1   2   3
                             ------------
                           1 | 4   7  12 | 23
                             |           |
                        x  2 | 7  10  15 | 32
                             |           |
                           3 |10  13  18 | 41
                             |           |
                             ---------------
                              21  30  45 | 96
       Hence c = 1/96
    

  2. Find r(X, Y)

    E(X) = (1/96)*(1*23 + 2*32 + 3*41) = 210/96
    E(Y) = (1/96)*(1*23 + 2*30 + 3*45) = 216/96
    E(X2) = (1/96)*(1*23 + 4*32 + 9*41) = 520/96
    E(Y2) = (1/96)*(1*23 + 4*32 + 9*41) = 546/96
    E(XY) = (1/96)(1*1*4 + 1*2*7 + 1*3*12 + 2*1*7 + 2*2*10 + 2*3*15 + 3*1*10 + 3*2*13 + 3*3*18)= 468/96
    r(X, Y) = [(468/96) - (210/96)(216/96)]/{[(520/96) - (210/96)2]
                                             [(546/96) - (216/96)2]}1/2
    

Probability and Statistics                      Name__________________________
Spring 1998 Flex-Mode and Flex-Time 45-733
Practice Final
Keith Poole

(10 Points)

7. Suppose we read in Robber Barrons that 85 percent of 200 first year Flex-Time and Flex-Mode students would rather have 10 root canals than retake 45-733. Compute 95 percent confidence limits for the true proportion of first years who would rather have the root canals.

           ^
           p = .85,  n = 200,  a = .05,  Z.025 = 1.96
Hence, .85 ± 1.96[.85*.15/200]1/2 = .85 ± .0495
or (.8005, .8995)


Probability and Statistics                      Name__________________________
Spring 1998 Flex-Mode and Flex-Time 45-733
Practice Final
Keith Poole

(10 Points)

8. Two new drugs were given to patients with ulcers. The first drug lowered the acid concentration of 15 patients by an average of 25 points with a standard deviation of 8 points. The second drug lowered the acid concentration of 14 patients by 19 points with a standard deviation of 7 points. Determine 95 percent confidence limits for the difference in the mean reductions in acid concentration. Assume the measurements are normally distributed with equal variances.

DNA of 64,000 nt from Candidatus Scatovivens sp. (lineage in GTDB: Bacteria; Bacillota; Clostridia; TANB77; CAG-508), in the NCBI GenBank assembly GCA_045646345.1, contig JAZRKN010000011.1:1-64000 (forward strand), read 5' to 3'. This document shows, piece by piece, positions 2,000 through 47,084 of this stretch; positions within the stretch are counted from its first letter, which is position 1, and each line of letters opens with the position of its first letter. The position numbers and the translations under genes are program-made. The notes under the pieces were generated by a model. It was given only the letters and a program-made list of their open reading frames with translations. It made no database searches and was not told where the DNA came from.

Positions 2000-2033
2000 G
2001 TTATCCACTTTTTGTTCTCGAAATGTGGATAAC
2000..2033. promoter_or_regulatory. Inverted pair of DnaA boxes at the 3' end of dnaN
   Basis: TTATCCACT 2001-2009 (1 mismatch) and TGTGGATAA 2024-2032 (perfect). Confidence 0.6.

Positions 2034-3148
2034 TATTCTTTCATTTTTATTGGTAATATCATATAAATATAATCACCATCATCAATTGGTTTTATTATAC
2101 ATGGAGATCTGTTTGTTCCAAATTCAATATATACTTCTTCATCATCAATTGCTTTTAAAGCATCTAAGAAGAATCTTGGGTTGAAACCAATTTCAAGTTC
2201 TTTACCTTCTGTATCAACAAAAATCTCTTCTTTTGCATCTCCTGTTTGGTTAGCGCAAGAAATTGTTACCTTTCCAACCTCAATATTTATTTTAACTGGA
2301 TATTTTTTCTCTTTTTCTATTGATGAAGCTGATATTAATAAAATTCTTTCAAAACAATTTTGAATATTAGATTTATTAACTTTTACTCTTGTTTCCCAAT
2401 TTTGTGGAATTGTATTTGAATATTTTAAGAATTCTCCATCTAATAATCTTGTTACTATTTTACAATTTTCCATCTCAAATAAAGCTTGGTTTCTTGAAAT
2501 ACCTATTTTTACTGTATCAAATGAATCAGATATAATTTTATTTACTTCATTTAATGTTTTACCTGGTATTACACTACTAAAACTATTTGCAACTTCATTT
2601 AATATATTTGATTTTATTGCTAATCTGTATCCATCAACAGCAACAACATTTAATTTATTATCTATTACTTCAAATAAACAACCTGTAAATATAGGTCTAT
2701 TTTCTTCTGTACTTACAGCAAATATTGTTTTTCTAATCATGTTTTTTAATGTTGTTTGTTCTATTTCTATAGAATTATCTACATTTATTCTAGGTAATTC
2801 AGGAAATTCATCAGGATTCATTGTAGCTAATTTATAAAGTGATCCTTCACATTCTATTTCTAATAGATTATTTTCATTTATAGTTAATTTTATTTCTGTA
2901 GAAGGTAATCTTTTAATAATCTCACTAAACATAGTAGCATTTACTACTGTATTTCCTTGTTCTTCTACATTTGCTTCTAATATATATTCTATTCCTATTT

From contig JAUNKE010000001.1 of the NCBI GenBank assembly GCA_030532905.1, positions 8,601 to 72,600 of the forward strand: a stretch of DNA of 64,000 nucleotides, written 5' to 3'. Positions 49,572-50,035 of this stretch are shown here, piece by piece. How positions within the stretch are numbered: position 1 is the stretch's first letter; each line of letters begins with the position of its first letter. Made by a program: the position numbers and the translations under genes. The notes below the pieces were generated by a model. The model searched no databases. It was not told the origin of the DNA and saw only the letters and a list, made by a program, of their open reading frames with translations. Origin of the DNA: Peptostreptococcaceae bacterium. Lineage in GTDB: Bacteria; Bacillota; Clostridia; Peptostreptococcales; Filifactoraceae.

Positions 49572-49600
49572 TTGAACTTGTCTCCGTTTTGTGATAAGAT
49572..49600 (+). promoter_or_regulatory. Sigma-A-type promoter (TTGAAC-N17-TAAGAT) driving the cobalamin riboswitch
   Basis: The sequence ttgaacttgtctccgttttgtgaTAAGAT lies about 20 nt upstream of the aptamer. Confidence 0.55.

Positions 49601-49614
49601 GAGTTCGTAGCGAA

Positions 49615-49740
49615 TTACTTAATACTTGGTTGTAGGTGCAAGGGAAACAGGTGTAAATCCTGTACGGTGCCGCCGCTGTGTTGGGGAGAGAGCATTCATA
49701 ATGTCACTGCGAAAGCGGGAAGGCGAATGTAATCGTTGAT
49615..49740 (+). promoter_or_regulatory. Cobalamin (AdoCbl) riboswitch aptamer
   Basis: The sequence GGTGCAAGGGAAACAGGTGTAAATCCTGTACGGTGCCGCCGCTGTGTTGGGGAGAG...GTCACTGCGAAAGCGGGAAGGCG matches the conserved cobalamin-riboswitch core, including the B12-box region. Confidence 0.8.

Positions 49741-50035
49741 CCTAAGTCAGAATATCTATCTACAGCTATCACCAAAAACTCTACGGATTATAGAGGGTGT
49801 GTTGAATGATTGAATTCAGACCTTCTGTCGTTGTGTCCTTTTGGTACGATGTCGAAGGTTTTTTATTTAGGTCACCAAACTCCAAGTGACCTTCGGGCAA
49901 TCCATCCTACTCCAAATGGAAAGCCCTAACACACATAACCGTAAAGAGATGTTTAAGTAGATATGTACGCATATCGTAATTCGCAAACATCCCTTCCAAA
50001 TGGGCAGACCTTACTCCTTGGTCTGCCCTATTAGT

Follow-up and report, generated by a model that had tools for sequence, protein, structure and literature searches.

_
          Xn = 25   sx = 8    n = 15
          _                            a = .05,  t.025, 27 = 2.052
          Ym = 19   sy = 7    m = 14

          s2 = (14*64 + 13*49)/(15 + 14 - 2) = 56.778
          s = 7.535
Hence, 25 - 19 ± 2.052*7.535*(1/15 + 1/14)1/2 = 6 ± 5.746
Hence, (.254, 11.746)


Probability and Statistics                      Name__________________________
Spring 1998 Flex-Mode and Flex-Time 45-733
Practice Final
Keith Poole

(10 Points)

9. We take a random sample of potholes in Pittsburgh city streets and measure the depth of each pothole. The measurements in centimeters are:

          135  101   99   201  121   89  199  148   91
Assume that the depth of Pittsburgh potholes is normally distributed. Find 99 percent confidence limits for the true depth of the population of Pittsburgh potholes.
           _
           Xn = 131.556,  s = 43.609,  a = .01,  t.005, 8 = 3.355
Hence, 131.566 ± 3.355*(43.609/3) = 131.566 ± 48.796
Or (82.77, 180.362)




Probability and Statistics                      Name__________________________
Spring 1998 Flex-Mode and Flex-Time 45-733
Practice Final
Keith Poole

(10 Points)

10. Suppose the time that it takes to complete a Prob-Stat Final Exam is normally distributed. We draw a random sample of 14 first year Flex-Time/Flex-Mode students and find that their exam times (in minutes) are:

   155  145  100   98   76  178  159  161  102  132  144  146  179  140